Talk and silence: instantiations and articulations

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Kuhling, Carmen
Keohane, Kieran
Kavanagh, Donncha
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University of Leicester
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This paper considers the desire for unity, reconciliation and consensus underpinning three models of talking – namely, 'the meeting', 'the dyadic love relationship', and 'the psychoanalytic session'. We highlight the three domains’ shared intellectual and historical heritage wherein talk is seen as a mode of achieving unity (of the group, of the dyad, or of the self) and conversely 'silence' is seen as pathology. Through looking at the role of silence in the works of Lacan, Joyce, and Beckett, we then examine how conversations with a collective, an Other, the self, etc. can all be enriched by ambivalence, antagonism and, in particular, silence. In contrast to the conventional understanding, silence is not the 'end' of understanding, but rather a new beginning. From this perspective, silence can be the basis upon which we can begin to imagine a principled relationship with the Other.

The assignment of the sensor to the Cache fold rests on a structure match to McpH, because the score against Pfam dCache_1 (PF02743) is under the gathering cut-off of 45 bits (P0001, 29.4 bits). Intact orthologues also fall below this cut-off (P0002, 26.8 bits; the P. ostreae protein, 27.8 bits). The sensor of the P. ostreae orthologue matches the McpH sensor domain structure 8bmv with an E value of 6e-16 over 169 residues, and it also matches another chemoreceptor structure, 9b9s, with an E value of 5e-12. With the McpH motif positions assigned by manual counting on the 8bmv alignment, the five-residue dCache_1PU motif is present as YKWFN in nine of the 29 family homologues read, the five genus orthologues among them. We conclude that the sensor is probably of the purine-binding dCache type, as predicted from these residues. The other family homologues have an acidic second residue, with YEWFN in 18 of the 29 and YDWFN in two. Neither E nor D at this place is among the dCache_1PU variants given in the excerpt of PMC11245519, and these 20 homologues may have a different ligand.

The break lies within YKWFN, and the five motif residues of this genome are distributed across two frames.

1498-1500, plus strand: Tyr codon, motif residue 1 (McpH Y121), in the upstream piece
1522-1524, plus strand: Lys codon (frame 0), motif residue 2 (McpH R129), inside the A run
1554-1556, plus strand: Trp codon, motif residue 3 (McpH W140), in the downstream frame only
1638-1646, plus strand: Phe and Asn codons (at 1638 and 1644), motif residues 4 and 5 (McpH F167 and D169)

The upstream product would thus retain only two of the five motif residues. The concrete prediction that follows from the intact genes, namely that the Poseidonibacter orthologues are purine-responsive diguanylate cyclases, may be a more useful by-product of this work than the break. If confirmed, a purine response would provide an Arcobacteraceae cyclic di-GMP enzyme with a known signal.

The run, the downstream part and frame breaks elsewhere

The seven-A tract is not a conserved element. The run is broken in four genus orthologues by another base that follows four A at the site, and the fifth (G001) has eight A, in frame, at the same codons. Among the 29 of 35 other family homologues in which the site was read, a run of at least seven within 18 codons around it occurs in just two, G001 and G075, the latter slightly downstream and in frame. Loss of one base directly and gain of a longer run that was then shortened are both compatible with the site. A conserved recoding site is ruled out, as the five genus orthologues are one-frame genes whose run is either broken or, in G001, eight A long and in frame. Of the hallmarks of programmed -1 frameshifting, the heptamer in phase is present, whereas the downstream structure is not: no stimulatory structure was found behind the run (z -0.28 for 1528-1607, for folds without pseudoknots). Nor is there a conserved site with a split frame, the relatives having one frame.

Organization , Theory , Groups , Lacan
Kuhling, C., Keohane, K. and Kavanagh, D. (2003) 'Talk and Silence: Instantiations and Articulations'. Ephemera, 3(4), pp. 288-305.